RAF Museum, Hendon – Monday 15th April 2013

I have a week off on my own at the moment, and so I decided to indulge myself with a trip to the RAF Museum in Hendon, north London. I had been debating between there and the Shuttleworth collection, due to my currently increasing interest in WW1 aeroplanes, and the RAF Museum won on two counts: (a) it was free, compared to Shuttleworth’s £12 fee, and (b) it had an intact Sopwith Camel, while Shuttleworth had one under construction/restoration.

I had been most concerned about the journey, with my plan involving a significant amount of time spent on the M25 on a Monday morning just after rush hour. As it was, the journey went smoothly. It was after that things went gradually downhill.

While I don’t believe in omens, my first encounter with the museum set the tone. I pulled into the carpark, and splitting the entrance and exit lanes was a kiosk containing a security guard and bearing a sign saying “STOP HERE”. So I did. I wound down my window and said hello in a cheery voice. He looked a little blank. The conversation that followed involved him explaining the principles of Pay & Display parking. Clearly, I didn’t need to STOP HERE at all.

The next omen came in the form of the busload of talkative French teenagers who preceded me into the main entrance. I don’t have a problem with teenagers being a bit noisy, I just would rather not be in earshot whilst they are.

The first hall, the Milestones Of Flight exhibition, was fine. The room was well lit, and the teenagers had dispersed and so were pretty quiet. However, the next hall, the Bomber Hall was very dingy and I had been having a minor technical issue with my camera. I’d managed to turn the flash off somehow, and now turning it back on it seemed to be overexposing everything just to spite me. As a result, almost none of the photos I took came out nicely. The exhibits were quite interesting, though there seemed little logic to their placement. The Bomber Hall contained a range of bombers, but there were jet aircraft from the 1970s and 80s next to the video installation explaining Barnes-Wallis’ bouncing bomb, the middle of the room contained some WW2 bombers next to a display about the first Gulf war, and the third section of the room had a couple of German fighter aeroplanes (a Bf109G and a rare two-seat FW190).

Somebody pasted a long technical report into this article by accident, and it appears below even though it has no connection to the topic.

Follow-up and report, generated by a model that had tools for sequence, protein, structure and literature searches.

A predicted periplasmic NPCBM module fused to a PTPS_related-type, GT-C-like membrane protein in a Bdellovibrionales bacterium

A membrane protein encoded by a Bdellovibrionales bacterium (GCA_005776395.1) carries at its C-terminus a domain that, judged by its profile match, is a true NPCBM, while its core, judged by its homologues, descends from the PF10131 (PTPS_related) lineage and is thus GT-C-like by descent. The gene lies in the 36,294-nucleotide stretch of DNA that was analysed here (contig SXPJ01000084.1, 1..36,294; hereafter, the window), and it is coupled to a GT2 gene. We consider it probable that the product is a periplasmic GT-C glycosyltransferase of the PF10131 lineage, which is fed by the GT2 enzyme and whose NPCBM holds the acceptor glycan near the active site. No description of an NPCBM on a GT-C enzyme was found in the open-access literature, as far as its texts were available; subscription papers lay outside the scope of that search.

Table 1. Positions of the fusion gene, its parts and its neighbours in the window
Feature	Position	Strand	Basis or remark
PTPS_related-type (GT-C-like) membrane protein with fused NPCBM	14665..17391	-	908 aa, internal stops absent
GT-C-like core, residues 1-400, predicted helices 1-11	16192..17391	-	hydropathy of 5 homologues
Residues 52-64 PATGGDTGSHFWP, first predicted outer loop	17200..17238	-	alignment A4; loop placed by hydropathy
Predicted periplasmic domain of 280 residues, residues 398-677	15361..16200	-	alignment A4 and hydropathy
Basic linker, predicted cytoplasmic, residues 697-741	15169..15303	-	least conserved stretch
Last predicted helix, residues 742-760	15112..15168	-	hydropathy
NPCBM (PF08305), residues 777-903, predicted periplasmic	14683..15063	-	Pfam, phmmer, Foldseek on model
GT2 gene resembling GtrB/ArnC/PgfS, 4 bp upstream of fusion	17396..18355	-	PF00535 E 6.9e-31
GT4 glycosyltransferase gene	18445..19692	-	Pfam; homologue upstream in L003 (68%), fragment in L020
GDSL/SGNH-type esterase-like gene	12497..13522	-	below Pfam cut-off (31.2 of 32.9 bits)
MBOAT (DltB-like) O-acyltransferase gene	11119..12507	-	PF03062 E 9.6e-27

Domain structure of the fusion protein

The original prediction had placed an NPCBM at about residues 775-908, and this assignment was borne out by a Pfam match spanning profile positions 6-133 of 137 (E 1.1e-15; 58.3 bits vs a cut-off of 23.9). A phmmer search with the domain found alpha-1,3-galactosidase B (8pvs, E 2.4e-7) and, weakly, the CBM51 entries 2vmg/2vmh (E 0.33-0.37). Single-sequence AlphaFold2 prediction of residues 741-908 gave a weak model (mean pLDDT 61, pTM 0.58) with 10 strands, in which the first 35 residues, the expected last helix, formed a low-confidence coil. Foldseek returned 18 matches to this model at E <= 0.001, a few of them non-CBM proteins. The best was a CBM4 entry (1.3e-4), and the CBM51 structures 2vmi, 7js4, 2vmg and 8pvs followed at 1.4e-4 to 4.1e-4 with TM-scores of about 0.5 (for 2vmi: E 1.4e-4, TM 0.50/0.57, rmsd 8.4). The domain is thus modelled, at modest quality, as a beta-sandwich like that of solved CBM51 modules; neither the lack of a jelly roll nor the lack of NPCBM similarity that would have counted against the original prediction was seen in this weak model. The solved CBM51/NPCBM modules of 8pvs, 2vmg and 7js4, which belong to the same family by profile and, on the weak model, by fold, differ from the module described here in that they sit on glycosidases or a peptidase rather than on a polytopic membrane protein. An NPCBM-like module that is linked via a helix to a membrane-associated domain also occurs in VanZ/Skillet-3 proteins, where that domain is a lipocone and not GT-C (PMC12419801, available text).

The next room, Historic Hangars, was more brightly lit, but something about the lighting caused further problems with my camera (which had given me no concerns until now) with glare appearing as the lighting in the room was low enough to trigger my flash, but then high enough for lighting + flash = glare + overexposure. This was a pity, because this room contained many of the more interesting aircraft, a P-40 in British markings, a P-47 Thunderbolt in Far East campaign markings, and several WW1 planes, of which, the Bristol F2B had an exposed side and wing, which was very interesting (and clearly showed the strong links between the balsa models and real aircraft construction).

The Bristol F2B

After that came a trawl around the shop – even though this wasn’t the end of my visit – and the usual grumbles surfaced. Everything was damn expensive!

After the shop came one of the nicest bits of the day. Upstairs, above the exhibition hall and shop was a small gallery containing paintings by David Bent, an artist who specialises in aircraft paintings. Sadly, I was the only person in the gallery for the whole of the five or ten minutes I spent strolling around the dozen or so paintings on show.

I then crossed the car park to the Battle Of Britain Hall which managed to frustrate me further, as the section containing the more interesting planes was cordoned off. After three laps of the hall, and an underwhelming trip through a Short Sunderland flying boat, I gave up, and feeling like a bite to eat, headed over to the museum’s restaurant, where the shop’s prices suddenly seemed more reasonable (£6 for a sandwich and a small bottle of posh lemonade!).

After my meagre lunch I decided to round off my visit with the final hangar, the Grahame-White Hangar which contained the majority of the museum’s WW1 aircraft. A little separate from the rest of the buildings, I had to consult the map to find it (there being a distinct lack of obvious signage) only to round the corner to find that the whole hangar was closed.

On my way in, I had spotted that a couple of hundred yards up the road was a branch of Hannants model shop. I decided that the best hope of salvaging my day lay in a brief visit to them. However, disappointment followed me even there. The kits were arrayed in a loose order (roughly grouped by manufacturer and then by scale) in a room which needed a little TLC and everything managed to look a little tired. Even worse, Hannants are not cheap by any stretch of the imagination.

Disgruntled to say the least, I headed home.

The unavoidable conclusion here is that the museum has the exhibits and space to do better than it did today. It may well be that I was simply unlucky to chose the day when half the Battle Of Britain Hall, and the whole of the Grahame-White Hangar were closed off, but the whole visit gave me the impression of missed opportunities. I just want them to turn up the lights, reorganise the collection a bit, and make sure everything is open!

I will go again, but only because it’s free, and only to see the Grahame-White Hangar. If I had paid to get in, I would be much more annoyed.


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